INTERNET’S WORD FOR THE NEW YEAR
The closer to the New Year we become, the louder is the voice of those many websites “prophesying” the coming of Messiah in 2017. The English sites are full of articles about Rabbi Judah ben Samuel and his prophecy about 2017. A simple Google search can find thousands of webpages dealing with this prophecy; the Hebrew sites, however, are much more moderate and cautious. Let’s try to understand why.
I suppose most of my readers have already seen this text, but in case you are not familiar with it, let’s look at part of it again. The prophecy attributed to Judah Ben Samuel – the “internet prophecy”, as it has already been called – goes like this:
“When the Ottomans conquer Jerusalem they will rule over Jerusalem for eight jubilees. Afterwards Jerusalem will become no-man’s land for one jubilee, and then in the ninth jubilee it will once again come back into the possession of the Jewish nation – which would signify the beginning of the Messianic end time.”
This prophecy appeared for the first time in 2008, in the Christian/Messianic Magazine Israel Today, translated and summarized from the original German by Ludwig Schneider. Since then, it has made its way to thousands of webpages, and Rabbi Judah Ben Samuel has become more famous than he has ever been.
Rabbi Judah Ben Samuel (Hebrew name is Yehudah Hachassid – Judah the Pious), son of the famous Kalonymus family of rabbis and mystics, lived and worked in Germany from the end of the 12th century until the beginning of the 13th century. Rabbi Judah wrote several books, certainly had mystical leanings, and wrote a lot of stories about the supernatural (witches, vampires and other strange creatures). According to his students, he was very passionate about the coming of the Messiah, and this might explain the prophecy about the Messianic age. If this prophecy does indeed belong to him – if this text does come from the 13th century – it would be truly amazing!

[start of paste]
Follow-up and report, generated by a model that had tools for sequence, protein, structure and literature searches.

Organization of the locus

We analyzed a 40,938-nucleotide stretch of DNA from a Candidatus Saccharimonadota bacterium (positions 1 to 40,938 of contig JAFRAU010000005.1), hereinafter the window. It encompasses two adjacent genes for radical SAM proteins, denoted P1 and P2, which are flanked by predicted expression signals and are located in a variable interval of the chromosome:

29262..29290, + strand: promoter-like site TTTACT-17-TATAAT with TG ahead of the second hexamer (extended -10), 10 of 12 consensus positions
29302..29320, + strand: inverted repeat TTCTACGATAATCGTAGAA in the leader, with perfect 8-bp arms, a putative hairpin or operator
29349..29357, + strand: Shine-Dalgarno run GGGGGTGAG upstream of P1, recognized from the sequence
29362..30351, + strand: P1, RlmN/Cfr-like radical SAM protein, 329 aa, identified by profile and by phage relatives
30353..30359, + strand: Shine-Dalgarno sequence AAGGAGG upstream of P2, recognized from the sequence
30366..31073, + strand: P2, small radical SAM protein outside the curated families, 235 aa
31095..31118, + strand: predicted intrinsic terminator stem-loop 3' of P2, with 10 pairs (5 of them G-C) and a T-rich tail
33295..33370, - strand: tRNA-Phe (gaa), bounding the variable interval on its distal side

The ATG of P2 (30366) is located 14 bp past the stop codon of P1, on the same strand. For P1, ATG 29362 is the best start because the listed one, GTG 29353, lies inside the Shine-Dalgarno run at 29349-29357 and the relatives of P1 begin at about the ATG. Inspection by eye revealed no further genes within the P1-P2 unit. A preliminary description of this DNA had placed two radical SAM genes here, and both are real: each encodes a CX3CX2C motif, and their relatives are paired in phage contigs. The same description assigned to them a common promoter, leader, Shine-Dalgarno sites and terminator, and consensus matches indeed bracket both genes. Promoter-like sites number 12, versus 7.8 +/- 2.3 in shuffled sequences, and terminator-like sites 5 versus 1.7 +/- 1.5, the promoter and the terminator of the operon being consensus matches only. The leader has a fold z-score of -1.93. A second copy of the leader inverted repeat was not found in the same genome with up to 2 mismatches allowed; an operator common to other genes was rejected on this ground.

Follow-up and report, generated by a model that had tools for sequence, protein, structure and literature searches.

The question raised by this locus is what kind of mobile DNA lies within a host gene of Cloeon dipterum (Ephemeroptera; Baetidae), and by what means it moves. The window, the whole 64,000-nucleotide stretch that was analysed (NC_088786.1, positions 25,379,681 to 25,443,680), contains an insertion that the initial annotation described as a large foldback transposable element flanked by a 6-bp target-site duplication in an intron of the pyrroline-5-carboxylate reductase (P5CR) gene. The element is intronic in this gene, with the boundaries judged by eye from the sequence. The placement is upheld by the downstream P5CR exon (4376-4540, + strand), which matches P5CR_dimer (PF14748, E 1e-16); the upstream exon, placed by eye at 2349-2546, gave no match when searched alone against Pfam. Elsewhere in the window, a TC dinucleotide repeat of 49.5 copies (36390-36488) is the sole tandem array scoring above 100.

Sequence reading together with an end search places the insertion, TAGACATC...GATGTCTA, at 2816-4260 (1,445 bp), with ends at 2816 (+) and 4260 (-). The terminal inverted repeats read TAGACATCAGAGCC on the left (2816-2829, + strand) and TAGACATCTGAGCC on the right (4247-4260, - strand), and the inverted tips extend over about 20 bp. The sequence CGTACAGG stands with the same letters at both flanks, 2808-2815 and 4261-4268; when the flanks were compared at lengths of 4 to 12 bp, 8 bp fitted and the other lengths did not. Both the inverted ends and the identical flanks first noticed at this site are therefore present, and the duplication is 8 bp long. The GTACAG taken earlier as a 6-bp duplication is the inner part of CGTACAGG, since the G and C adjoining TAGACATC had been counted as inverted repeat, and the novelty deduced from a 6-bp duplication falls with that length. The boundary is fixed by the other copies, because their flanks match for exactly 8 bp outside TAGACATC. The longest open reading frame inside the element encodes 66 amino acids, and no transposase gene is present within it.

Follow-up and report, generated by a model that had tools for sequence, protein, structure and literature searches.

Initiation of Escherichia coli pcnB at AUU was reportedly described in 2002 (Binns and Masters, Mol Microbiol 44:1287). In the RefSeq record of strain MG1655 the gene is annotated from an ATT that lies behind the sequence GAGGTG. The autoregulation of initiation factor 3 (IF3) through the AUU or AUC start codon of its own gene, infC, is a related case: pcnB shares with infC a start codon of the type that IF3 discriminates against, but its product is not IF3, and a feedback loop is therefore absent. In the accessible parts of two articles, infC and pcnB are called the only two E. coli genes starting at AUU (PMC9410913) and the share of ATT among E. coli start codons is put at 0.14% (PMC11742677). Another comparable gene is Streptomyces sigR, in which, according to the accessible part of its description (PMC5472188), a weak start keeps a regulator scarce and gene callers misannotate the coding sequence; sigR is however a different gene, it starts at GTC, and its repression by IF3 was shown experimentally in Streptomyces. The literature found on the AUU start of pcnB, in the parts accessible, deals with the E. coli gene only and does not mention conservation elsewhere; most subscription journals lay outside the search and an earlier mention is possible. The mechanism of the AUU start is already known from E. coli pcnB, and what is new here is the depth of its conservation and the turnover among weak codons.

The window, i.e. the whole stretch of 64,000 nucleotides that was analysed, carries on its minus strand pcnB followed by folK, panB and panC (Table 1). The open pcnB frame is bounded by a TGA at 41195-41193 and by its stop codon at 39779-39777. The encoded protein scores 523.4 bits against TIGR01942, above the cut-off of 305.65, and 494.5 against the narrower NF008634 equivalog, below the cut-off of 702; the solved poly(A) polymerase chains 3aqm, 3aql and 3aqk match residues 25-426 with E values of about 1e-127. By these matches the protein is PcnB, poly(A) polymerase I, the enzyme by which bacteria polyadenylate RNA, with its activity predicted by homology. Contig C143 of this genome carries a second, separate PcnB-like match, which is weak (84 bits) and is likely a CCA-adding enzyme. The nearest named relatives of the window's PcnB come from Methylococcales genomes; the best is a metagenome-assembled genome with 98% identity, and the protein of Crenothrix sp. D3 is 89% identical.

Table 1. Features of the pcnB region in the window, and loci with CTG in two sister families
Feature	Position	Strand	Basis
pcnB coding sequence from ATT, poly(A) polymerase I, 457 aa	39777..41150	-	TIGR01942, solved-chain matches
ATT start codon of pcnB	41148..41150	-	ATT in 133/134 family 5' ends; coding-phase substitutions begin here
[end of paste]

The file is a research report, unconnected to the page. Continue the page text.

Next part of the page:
The problem is, however, that there is no reference to this “prophecy” in any of the available works of Judah Ben Samuel. The Hebrew sites are acutely aware of this. There have been some Israeli writers and researchers who have tried to contact Ludwig Schneider, requesting information about the source of the prophecy, but to no avail. Therefore, at this point we know for sure about one source of this “prophecy” only: the article in Israel Today magazine (March 2008, page 18) that became the beginning of this surge of interest around Rabbi Judah. I am not saying there was no such a prophecy – all I am saying is that we have no proof that there was.
Having said that, I have to admit that I completely understand these feelings about 2017, and also tend to see it as a year of prophetic significance. We all know that God’s prophetic clock is attached to Israel and Jerusalem. The first official act by a Gentile nation that gave the Jews legal right to the Holy Land, was the Balfour Declaration, and it happened in 1917. Then, 50 years later, in 1967, after the Six-Days War, Jerusalem was recaptured, reunited and declared to be the eternal undivided capital of the State of Israel. 50 years after 1967, entering year 2017 – and entering it from Jerusalem – I can’t help but foretaste the significance of this year for my country and my city, for Israel and for Jerusalem, – and for the whole world.